However, the most famous sites of Mantua are its two palaces: the Palazzo Ducale and the Palazzo del Te. The Palazzo Ducale, once the largest in Europe, was the home of the Gonzaga family, and has a number of impressive paintings by artists such as Rubens and Mantegna. The Palazzo del Te with its outstanding decorations was built as a Renaissance pleasure palace for Federico Gonzaga and his mistress, Isabella.
Bellagio - This enchanting town is cradled by cypress-spiked hills on the tip of the triangle separating Como's two "legs", with a promenade planted with oleanders and limes, fin-de-siècle hotels, and a hilly old centre of steep cobbled streets and alleyways it may be considered one of the most romantic places in Italy. A must are the gorgeous gardens of the Villa Serbelloni, splendidly sited on a hill above the town. Built on the site of one of Pliny the Younger's villas, it is now owned by the Rockefeller Foundation, and is perhaps the best place to appreciate Bellagio's genteel English air; this villa once was a favourite haunt of European monarchs. The sumptuously frescoed interior is closed to visitors, but there are guided tours around the gardens. Other Villas worth a visit are: Villa Carlotta, Villa Balbianello and Villa Melzi.
At the northwest tip of the lake, Riva del Garda is the best known of the lake's resorts, since the late nineteenth century. Garda is a lively, flourishing resort. Not long ago it was a fishing village, although now the narrow windy alleys and cottages of its old centre are studded with souvenir shops and snack bars. You may take a stroll to a seventeenth-century hermitage, the Eremo dei Camoldolesi. Gardone Riviera was once the most fashionable of Garda's resorts and still retains its symbols of sophistication, though the elegant promenade, lush gardens, opulent villas and ritzy hotels now have to compete with more recent and less tasteful tourist tack. It is famous for the consistency of its climate, and has Garda's most exotic botanical garden, the Giardino Botanico Hruska. The highlight of Gardone, or of the whole lake, is Il Vittoriale, the home of Italy's most notorious and extravagant twentieth-century writer, Gabriele D'Annunzio.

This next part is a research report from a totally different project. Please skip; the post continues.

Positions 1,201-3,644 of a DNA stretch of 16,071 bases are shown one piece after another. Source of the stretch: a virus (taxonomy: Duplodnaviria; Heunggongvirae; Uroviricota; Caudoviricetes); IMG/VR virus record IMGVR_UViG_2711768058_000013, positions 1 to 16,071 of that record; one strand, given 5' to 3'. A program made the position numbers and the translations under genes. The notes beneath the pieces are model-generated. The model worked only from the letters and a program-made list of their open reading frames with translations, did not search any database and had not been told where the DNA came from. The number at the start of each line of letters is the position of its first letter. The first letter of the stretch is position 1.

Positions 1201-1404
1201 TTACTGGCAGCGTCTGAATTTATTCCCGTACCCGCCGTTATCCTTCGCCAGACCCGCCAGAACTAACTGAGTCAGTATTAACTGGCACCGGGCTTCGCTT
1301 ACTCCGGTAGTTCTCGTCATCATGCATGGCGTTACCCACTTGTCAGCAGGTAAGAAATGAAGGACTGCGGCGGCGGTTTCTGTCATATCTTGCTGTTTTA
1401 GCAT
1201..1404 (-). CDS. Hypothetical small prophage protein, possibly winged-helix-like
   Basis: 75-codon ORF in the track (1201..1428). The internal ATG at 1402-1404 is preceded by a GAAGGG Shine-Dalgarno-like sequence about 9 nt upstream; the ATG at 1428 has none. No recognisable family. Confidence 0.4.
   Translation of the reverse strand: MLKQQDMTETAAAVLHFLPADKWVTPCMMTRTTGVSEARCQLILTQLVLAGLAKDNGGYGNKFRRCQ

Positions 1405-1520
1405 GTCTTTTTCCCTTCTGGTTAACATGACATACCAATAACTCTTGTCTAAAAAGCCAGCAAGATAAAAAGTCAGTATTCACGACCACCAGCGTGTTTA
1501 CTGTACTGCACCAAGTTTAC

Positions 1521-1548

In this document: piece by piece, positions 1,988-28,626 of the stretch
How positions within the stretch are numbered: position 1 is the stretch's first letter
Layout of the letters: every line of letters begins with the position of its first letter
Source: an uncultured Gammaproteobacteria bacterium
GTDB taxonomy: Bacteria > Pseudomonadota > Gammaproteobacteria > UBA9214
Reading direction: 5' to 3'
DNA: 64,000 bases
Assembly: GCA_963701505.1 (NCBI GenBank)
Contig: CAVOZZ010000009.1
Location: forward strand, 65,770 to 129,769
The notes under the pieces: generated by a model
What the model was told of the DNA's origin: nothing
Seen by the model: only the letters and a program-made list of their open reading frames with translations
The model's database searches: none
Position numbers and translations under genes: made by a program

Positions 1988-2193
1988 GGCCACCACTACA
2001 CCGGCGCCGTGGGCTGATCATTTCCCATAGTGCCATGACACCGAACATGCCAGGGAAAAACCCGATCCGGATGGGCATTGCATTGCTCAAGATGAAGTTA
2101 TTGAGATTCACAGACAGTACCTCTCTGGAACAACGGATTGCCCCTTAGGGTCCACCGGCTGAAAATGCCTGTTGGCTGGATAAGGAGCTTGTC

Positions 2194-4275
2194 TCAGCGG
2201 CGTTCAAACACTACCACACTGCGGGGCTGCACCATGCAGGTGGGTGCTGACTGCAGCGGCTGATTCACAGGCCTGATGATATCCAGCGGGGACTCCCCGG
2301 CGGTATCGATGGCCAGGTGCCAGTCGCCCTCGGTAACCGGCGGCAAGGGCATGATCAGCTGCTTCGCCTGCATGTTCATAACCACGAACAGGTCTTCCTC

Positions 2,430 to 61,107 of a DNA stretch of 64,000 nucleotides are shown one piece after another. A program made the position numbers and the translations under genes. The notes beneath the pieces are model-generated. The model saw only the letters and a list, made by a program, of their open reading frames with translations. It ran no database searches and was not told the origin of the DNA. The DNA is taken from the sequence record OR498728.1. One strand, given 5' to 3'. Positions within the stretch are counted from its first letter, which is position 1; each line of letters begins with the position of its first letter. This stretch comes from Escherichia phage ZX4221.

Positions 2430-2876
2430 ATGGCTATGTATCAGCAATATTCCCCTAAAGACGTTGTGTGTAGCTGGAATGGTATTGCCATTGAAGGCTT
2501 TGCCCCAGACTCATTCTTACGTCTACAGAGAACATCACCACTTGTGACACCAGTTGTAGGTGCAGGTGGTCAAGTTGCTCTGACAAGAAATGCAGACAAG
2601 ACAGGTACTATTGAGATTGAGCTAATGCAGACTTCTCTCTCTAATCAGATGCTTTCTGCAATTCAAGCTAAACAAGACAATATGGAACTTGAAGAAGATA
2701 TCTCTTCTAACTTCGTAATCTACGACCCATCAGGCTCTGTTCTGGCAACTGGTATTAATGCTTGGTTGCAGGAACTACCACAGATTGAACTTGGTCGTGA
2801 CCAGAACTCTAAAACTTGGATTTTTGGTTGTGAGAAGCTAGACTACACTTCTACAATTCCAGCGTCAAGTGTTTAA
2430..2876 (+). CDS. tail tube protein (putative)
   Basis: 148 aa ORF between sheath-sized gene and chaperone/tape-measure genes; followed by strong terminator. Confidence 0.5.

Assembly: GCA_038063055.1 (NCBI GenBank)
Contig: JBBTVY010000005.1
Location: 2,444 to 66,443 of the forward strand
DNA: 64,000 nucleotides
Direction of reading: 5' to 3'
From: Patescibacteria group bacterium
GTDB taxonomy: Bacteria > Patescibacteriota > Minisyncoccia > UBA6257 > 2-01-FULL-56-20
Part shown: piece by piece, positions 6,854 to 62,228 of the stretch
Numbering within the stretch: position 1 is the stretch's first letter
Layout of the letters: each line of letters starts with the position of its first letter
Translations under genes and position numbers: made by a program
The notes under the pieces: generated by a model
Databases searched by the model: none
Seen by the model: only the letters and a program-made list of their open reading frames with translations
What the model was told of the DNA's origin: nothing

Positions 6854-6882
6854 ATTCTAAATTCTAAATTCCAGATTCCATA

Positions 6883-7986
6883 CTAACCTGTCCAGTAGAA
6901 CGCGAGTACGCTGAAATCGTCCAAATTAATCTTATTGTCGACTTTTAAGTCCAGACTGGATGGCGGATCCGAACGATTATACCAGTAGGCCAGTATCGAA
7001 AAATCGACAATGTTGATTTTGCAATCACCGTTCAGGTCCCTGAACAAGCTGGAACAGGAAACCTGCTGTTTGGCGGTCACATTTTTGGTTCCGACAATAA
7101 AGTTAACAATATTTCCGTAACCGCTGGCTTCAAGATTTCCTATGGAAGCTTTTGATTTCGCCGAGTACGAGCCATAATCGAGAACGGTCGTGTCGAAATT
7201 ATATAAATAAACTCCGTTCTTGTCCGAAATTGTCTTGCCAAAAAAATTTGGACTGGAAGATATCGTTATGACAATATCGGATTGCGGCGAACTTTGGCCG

Visit the Isola Bella, one of the three islands which charms visitors with a magnificent Baroque palace and terraced gardens that slope to the lake. The Isola Madre is home to an exotic garden of plants, birds and flowers, and considered a botanical garden on water.
Just south of Milan, the town of Pavia is home to several interesting churches and the 14th-century Castello, housing an art gallery, archaeology museum and sculpture museum. The Certosa di Pavia, 10km outside of town, is a monastery famous for its lavish design. Originating as the family mausoleum of the Visconti family, it later became the dwelling of a Carthusian order of monks sworn to deep contemplation and silence. However it is possible to join guided tours.
At the foot of the Bergamese Alps, Bergamo is made up of two cities – the old and once Venetian-ruled Upper Bergamo (Bergamo Alta) and the modern Lower Bergamo (Bergamo Bassa). The old city is well appreciated for its ancient Venetian fortifications, palaces, towers and churches, including the 12th-century Palazzo della Ragione, the Torre del Comune, the Cathedral, the Colleoni Chapel and the Church of Santa Maria Maggiore. The modern city’s main attraction is the Accademia Carrara, one of Italy’s largest art collections, with paintings by Canaletto, Botticelli, Mantegna, Carpaccio, Bellini and Lotto, amongst others. The two cities are connected by a funicular railway.